be|neath [ bı`niθ ] function word ***
Beneath can be used in the following ways:
as a preposition (followed by a noun):
the ground beneath your feet
as an adverb (without a following noun):
People waved from the bridge as the boat passed beneath.
1. ) MAINLY LITERARY directly under something or at a lower level:
We took shelter beneath a huge oak tree.
They slept outside beneath the stars.
His face was hidden beneath a large brimmed hat.
a ) under the surface of the ground or water:
These pieces of pottery had been buried beneath the earth for thousands of years.
the waters of the Timor Sea and the coral reefs that lie beneath
b ) covered by something:
His frail body lay beneath the blankets.
from beneath: She pulled a dagger from beneath her cloak.
2. ) => NOTE FORMAL used for saying that someone's appearance and behavior do not show their real character or feelings:
Beneath his quiet unassuming manner there lies considerable strength.
She seemed quite calm on the surface, but a great deal of anger lay beneath.
beneath someone
if a particular action or activity is beneath you, you think that you are better than people who do this:
Burke regarded it as beneath him to do business with such people.

Usage of the words and phrases in modern English. 2013.

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  • Beneath — Be*neath , prep. [OE. benethe, bineo[eth]en, AS. beneo[eth]an, beny[eth]an; pref. be + neo[eth]an, ny[eth]an, downward, beneath, akin to E. nether. See {Nether}.] 1. Lower in place, with something directly over or on; under; underneath; hence, at …   The Collaborative International Dictionary of English

  • Beneath — Beneath, Between, Beyond Saltar a navegación, búsqueda Beneath, Between, Beyond... Álbum Recopilación de Static X Publicación 20 de Julio de 2004 Género(s) Industrial Metal …   Wikipedia Español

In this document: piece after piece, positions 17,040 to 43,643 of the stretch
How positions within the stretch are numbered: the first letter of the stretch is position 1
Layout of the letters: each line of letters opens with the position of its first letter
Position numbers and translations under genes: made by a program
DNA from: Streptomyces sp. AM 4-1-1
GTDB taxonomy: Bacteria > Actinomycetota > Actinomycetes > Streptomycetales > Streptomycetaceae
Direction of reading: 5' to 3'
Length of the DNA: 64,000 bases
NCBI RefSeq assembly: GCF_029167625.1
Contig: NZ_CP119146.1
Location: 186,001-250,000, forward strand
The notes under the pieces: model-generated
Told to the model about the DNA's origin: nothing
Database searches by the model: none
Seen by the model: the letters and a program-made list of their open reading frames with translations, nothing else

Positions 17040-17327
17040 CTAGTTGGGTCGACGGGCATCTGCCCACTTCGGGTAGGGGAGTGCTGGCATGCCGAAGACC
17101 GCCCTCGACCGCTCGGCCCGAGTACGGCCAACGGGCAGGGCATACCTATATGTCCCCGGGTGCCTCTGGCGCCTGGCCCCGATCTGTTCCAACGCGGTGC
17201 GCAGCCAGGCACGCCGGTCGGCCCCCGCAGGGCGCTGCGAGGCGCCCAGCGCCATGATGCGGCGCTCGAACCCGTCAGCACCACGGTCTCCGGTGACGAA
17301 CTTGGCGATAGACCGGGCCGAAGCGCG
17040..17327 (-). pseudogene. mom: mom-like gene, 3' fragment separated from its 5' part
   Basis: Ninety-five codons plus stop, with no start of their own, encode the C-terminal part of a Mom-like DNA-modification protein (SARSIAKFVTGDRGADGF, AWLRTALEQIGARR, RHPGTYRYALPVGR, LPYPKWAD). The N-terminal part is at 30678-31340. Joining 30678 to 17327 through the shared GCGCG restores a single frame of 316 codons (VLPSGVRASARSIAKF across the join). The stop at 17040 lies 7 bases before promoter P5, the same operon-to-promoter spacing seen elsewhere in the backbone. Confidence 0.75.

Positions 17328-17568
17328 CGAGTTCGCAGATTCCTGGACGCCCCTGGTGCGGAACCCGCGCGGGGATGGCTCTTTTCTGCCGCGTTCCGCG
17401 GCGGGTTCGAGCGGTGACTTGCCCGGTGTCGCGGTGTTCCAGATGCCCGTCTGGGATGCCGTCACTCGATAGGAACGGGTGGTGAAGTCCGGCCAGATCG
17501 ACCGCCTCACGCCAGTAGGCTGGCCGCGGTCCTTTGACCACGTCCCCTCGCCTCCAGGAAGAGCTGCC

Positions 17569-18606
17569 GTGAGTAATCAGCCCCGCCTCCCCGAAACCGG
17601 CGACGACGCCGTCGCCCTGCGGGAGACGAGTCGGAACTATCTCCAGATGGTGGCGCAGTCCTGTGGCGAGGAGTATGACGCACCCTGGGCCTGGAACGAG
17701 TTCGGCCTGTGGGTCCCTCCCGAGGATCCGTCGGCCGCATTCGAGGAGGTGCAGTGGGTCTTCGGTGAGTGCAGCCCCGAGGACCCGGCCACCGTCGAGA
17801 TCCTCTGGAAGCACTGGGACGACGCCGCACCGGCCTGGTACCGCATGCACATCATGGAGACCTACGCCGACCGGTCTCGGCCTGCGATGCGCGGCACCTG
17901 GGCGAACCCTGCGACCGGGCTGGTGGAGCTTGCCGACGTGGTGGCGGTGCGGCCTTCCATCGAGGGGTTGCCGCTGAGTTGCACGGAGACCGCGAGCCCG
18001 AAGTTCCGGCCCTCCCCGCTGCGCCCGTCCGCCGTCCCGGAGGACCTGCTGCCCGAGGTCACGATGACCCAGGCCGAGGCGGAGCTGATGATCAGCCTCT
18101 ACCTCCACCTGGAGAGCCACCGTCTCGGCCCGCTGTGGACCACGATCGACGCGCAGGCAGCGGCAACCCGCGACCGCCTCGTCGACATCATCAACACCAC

• Beneath — Be*neath , adv. 1. In a lower place; underneath. [1913 Webster] The earth you take from beneath will be barren. Mortimer. [1913 Webster] 2. Below, as opposed to heaven, or to any superior region or position; as, in earth beneath. [1913 Webster]… …   The Collaborative International Dictionary of English

  • Beneath — may refer to: *Beneath (film), directed by Dagen Merrill. *Beneath (video game), developed by Presto Studios …   Wikipedia

  • beneath — [bē nēth′, binēth′] adv., adj. [ME binethe < OE beneothan < be , BY + neothan, down: see NETHER] 1. in a lower place; below 2. just below something; underneath prep. 1. below; lower than 2. directly under; underneath …   English World dictionary

  • beneath — O.E. beneoðan beneath, under, below, from BE (Cf. be ) by + neoðan below, originally from below, from P.Gmc. *niþar lower, farther down, down (see NETHER (Cf. nether)). Meaning unworthy of is attested from 1849 (purists prefer below i …   Etymology dictionary

  • beneath — [adv] in a lower place below, underneath; concept 586 Ant. above, higher, over beneath [prep] inferior below, lesser, less than, lower than, subject, subordinate, unbefitting, under, underneath, unworthy of; concept 567 Ant. above, higher, over,… …   New thesaurus

  • beneath — underneath, under, *below Antonyms: above, over …   New Dictionary of Synonyms

  • beneath — ► PREPOSITION & ADVERB ▪ extending or directly underneath. ► PREPOSITION ▪ of lower status or worth than. ORIGIN Old English …   English terms dictionary

  • beneath — [[t]bɪni͟ːθ[/t]] ♦♦♦ 1) PREP Something that is beneath another thing is under the other thing. She could see the muscles of his shoulders beneath his T shirt... She found pleasure in sitting beneath the trees... Four storeys of parking beneath… …   English dictionary

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